THE BROOKING NATIONAL ARCHITECTURAL MUSEUM

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Knowledge, step by step

A highly-practical presentation of design, construction and detail sections, with all essential references retained. This way the development of the staircase can be visibly explained, and the construction of these complex pieces understood.

Metal balustrades are also included, with baluster examples covering periods from 1690 to the present day. A large library of hand-rail profiles has also been developed.

The Barretts were here (right)... detail of handrail wreath and wrought-iron newel post and balusters, showing underlying iron framework. This was acquired in 1979 from 99 Gloucester Place, London (left). Developed by James Burton circa 1805-10, this was the home of the Barrett family before they moved to Wimpole Street.

Section of handrail  (right) with bolts exposed, from staircase in 1964 Scott Brownrigg & Turner extension to the White Horse Hotel in High Street, Guildford, Surrey. Note the tip of the underlying iron framework at the upper left.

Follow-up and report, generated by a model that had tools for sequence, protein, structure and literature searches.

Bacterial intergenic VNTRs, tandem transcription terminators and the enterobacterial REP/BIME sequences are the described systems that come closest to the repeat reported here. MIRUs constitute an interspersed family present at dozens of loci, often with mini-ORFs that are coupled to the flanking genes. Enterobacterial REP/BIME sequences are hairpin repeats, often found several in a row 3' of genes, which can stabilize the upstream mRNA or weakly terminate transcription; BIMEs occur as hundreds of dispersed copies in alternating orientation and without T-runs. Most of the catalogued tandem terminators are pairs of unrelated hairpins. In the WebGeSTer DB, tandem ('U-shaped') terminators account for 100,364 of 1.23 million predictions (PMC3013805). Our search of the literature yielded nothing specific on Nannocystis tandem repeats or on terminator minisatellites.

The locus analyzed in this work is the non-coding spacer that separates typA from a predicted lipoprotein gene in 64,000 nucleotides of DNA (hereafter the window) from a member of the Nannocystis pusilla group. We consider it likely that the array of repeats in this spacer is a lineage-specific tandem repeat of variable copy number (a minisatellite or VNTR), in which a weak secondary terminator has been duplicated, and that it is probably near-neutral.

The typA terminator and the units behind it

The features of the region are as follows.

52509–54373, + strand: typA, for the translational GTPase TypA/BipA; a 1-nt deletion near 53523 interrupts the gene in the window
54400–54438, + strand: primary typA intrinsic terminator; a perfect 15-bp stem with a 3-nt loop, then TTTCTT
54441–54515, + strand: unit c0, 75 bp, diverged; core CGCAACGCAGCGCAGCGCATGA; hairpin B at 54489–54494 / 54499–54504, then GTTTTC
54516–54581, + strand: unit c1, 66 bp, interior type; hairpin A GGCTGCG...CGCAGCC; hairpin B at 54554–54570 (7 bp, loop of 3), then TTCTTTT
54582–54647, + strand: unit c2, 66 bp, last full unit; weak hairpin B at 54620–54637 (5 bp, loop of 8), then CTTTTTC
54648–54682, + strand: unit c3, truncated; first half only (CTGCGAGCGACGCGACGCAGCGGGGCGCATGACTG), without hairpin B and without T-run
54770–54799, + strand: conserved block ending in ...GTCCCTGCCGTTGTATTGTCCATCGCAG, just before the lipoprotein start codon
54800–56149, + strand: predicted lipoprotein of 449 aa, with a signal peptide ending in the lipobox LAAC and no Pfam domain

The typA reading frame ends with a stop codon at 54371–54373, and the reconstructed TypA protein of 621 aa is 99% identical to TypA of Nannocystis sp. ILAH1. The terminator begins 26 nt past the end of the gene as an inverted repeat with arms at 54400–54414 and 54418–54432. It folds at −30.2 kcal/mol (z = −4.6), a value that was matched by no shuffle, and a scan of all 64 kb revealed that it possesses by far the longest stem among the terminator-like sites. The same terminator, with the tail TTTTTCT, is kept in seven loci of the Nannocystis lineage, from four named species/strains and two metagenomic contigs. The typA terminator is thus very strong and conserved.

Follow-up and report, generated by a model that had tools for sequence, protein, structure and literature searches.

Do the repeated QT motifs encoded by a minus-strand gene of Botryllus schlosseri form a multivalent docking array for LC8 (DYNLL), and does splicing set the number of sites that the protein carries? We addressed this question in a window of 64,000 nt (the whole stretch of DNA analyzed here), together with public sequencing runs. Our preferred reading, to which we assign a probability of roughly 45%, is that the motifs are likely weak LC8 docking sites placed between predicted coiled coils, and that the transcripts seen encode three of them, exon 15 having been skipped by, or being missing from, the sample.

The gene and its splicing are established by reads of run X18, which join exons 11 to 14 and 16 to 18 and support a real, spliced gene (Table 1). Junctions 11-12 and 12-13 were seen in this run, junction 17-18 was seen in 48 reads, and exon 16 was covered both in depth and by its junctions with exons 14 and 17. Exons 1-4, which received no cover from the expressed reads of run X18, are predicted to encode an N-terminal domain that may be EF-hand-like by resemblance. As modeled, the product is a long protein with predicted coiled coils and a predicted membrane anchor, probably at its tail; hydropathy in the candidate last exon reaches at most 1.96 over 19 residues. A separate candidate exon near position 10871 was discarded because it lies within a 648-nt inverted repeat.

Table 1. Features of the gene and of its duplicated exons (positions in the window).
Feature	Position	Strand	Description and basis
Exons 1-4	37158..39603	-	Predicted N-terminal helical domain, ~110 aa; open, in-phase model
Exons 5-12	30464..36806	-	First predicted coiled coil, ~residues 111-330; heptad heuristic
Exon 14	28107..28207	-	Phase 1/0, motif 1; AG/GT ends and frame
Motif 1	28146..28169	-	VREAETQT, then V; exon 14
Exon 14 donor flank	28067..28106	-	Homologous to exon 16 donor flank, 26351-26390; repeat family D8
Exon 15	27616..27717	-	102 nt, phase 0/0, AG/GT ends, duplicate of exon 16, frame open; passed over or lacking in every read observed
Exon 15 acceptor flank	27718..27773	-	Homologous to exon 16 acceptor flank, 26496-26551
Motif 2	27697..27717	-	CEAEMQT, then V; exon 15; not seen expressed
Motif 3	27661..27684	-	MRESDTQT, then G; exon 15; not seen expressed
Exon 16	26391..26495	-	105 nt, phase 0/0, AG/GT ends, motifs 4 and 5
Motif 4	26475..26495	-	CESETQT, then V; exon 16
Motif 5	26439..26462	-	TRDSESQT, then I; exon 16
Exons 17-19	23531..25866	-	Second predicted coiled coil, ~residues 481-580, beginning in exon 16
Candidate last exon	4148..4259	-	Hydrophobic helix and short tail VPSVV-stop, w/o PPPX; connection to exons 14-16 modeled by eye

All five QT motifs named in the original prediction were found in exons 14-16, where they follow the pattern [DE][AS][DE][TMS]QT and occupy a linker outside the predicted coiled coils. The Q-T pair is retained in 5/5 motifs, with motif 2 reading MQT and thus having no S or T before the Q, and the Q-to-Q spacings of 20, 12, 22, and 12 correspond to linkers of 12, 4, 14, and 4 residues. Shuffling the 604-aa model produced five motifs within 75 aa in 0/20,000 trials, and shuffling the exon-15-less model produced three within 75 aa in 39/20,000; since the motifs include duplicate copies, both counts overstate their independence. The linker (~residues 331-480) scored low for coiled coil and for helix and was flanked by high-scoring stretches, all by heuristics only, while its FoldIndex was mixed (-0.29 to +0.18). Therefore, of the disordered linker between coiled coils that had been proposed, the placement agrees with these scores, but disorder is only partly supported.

The military manner (below) section of oak newel post and banister from the Officers’ Mess at Stoughton Barracks, Guildford, Surrey, circa 1934-7. Acquired 1994.

Show and tell (above) part of a teaching display of Regency and early Victorian staircase sections. This style of sectioning lets the visitor examine construction details usually hidden from view.             

Metal polish (above) this bronze handrail wreath came from the principal staircase, Bracken House, Cannon Street, London – headquarters of the Financial Times. Designed by Sir Albert Richardson and completed in 1959.

The Collection enables the close study of the details, such as the balusters on staircases. This one (left) is constructed from lead on a wrought iron frame. It is from the principal staircase in Prospect Park, Reading, part of an 1800 re-modelling by Sanderson.                 

A dramatic staircase section (left) comes from No 2 Beach Road, Hayling Island. This large house, built in 1828, was later extended by the Sandeman port family.

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